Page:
Richard Gere will soon be testifying in Italian court against far-right leader Matteo Salvini, who is on trial for attempting to block 147 people aboard the NGO rescue boat Open Arms from landing in the country.
In an interview with The Guardian, the actor opened up about his upcoming testimony, and his experience aboard the Open Arms in 2019, witnessing the conditions faced by the refugees aboard.
“We saw more than a hundred people on board,” Gere said. “I felt ashamed that we have so much and are not able to embrace these fellow human beings, our brothers and sisters who were starving, traumatised. If they were told the boat was going back to Libya, they would jump in the water and drown themselves, and I felt it was our responsibility to bring as much light as we could.”
The vessel was held off the coast of the Italian island of Lampedusa during the summer of 2019, and Salvini is facing a maximum of 15 years in prison on charges of kidnapping and dereliction of duty in the trial, which begins next month.
A Spanish tugboat, the blocking of the Open Arms occurred as a result of Salvini’s security decree imposing fines of up to $71,000 on boats bringing migrants to Italy without permission. The politician was serving as Deputy Prime Minister and Minister of the Interior for Italy at the time.
Recalling how he got involved in the situation with the refugee vessel, Gere said, “I was visiting a friend that summer who asked me if I was aware of this new law in Italy, so I asked him to explain it to me. He said: ‘It’s going to be a criminal offence to help people in distress.’”
“‘You’ve gotta be kidding me! This is not possible!’” the actor remembered saying. “I mean, in deeply Christian Italy, how could this happen? It’s criminal to help people in need? It was mind-boggling to me.”
Gere joined volunteers to bring food to the people aboard the Open Arms, but was first met with Italian authorities blocking any boat from getting new the vessel at sea.
“There was this man,” he said. “He was told by the police that they’d destroy his business and that he’d end up in jail if he helped us. We had the food, but we didn’t have the boat to get the food out to these people.”
After an islander recognized Gere, the actor was helped to get aboard the Open Arms, where he discovered a dire situation.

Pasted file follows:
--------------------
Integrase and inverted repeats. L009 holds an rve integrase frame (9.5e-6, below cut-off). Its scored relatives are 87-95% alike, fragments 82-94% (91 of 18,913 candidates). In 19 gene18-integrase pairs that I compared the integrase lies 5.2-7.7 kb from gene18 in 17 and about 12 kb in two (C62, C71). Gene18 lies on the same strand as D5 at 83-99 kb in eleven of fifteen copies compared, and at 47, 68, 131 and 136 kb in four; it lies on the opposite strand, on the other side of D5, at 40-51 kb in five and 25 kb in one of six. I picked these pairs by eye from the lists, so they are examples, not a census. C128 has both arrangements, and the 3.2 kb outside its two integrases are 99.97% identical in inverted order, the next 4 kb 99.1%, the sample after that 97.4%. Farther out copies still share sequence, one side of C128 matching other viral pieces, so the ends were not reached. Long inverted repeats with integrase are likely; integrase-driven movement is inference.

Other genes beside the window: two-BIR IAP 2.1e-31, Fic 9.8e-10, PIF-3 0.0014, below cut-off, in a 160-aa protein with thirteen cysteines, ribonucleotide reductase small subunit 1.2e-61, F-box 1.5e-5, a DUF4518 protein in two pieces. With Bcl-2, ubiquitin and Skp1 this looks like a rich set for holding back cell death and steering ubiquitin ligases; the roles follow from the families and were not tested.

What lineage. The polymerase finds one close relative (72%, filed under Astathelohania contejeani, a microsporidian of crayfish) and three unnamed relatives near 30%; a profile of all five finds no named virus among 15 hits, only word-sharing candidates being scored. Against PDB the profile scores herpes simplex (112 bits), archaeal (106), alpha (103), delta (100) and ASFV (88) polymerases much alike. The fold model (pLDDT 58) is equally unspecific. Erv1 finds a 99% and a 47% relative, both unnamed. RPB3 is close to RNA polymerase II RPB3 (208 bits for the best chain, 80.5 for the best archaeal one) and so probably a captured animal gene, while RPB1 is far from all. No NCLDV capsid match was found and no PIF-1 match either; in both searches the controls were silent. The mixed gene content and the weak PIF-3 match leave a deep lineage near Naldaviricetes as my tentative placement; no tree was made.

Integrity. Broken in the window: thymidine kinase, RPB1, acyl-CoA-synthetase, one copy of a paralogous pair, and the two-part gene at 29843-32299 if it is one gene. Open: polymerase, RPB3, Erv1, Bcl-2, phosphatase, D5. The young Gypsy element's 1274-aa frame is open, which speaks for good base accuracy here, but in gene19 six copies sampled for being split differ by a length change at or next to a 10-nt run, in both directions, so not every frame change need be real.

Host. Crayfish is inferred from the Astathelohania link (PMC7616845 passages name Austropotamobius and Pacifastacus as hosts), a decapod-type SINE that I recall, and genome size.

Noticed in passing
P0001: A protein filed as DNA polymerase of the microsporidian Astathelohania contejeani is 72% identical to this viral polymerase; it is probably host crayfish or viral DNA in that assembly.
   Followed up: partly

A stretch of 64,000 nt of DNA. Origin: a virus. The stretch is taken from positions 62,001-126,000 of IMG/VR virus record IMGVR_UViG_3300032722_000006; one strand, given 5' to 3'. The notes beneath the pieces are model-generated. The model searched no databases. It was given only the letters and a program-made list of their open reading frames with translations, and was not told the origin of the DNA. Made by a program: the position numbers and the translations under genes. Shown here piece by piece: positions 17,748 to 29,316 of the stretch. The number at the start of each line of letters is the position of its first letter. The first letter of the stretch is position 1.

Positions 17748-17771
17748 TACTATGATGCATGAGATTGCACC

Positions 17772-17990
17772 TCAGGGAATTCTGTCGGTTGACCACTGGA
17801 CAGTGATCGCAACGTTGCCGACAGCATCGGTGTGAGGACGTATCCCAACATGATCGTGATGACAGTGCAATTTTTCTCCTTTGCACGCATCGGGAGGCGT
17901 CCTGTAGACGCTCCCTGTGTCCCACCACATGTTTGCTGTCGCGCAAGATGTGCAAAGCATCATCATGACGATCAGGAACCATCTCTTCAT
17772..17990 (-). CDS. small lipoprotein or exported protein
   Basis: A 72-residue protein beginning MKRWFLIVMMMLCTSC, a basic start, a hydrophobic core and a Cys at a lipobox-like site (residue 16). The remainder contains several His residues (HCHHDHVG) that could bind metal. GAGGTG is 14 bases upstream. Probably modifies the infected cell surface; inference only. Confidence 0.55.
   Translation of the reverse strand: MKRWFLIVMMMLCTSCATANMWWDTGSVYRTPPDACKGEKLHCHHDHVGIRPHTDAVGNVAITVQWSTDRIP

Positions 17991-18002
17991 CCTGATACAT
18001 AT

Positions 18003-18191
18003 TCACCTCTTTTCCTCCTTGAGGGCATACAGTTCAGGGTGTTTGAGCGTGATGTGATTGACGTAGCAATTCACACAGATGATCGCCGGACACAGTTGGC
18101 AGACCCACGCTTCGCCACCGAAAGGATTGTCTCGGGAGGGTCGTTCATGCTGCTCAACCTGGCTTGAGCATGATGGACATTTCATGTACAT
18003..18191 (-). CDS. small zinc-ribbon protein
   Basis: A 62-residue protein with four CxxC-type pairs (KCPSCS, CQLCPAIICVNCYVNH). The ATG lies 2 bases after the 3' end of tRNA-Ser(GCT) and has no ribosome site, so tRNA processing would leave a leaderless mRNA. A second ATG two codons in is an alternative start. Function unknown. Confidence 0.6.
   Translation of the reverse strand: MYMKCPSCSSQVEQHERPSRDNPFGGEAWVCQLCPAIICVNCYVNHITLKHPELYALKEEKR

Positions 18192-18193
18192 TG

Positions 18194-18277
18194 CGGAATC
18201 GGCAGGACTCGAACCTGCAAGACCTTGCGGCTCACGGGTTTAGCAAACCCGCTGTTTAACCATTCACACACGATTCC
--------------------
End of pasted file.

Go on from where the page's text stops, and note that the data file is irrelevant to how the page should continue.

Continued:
“I introduced myself,” he recalled. “I introduced them to my son. I looked them in the eyes. Most of them didn’t know me or who I was. To them, I was just a worker guy who brought some food and did his best to smile and be kind. We brought water and food, and maybe a sense of hope.
He continued, “We were a lifeline to a world of non-torture, of possibilities and dreams. Then I asked them who they are, where they come from. There was a mother with her young daughters who had to navigate the militias trying to make her way to Libya. Of course, these young girls were easy prey, and she had to give herself on every border, she had to give herself to gangs of militias, sexually, to protect her daughters and to take her family to the Mediterranean, where there would be hope and safety. And there she was, 20 miles from safety but unable to reach the shore.”
Gere will be testifying as a third party witness to the events that occurred aboard the boat, though a date for the testimony has not yet been set.
Recently, Salvini blasts the actor’s involvement in the case, telling reporters, “You tell me how serious a trial is where Richard Gere will come from Hollywood to testify about my nastiness.”
“Visibility?” Gere told The Guardian. “Actually I have been searching for anonymity. It’s the opposite.”
He explained, “First of all, I don’t know these people. I’ve never met them, but I highly doubt they’ve taken the time to go on a boat and have a human experience and understand the real people they have their influence over. If they did that, then I think there’s probably another conversation to have. You see, I don’t see myself as a movie star. I’m one of 7 billion human beings on the planet, that’s it, no more. I’m no better or worse than anyone.”
Talking about the plight of refugees, Gere said, “We saw during the time of the Nazis how easy it was to think of the other and do horrible things to them. It’s a mentality of ignorance, cruelty, the mentality that thinks that we exist personally in our own bubble, and as a country we exist in a bubble – and it’s completely faulty and ignorant.”
He added more generally, “Trump, or the defendants in this case, exploit the people that the rest of us kind of don’t see. That’s what frightens me. We don’t see our own brothers and sisters in our own community deep enough to understand where that darkness is coming from. It’s important for us to really look and not marginalize them, but to embrace them.”
As for what he plans to say in his testimony, Gere said, “It’s very simple, I’ll just tell the truth, I’ll just tell what I experienced. I’m only here to speak for people who don’t have a voice. It’s not about me. I’m completely irrelevant here. I’m honest with you. I can be invisible. All I am is a witness.”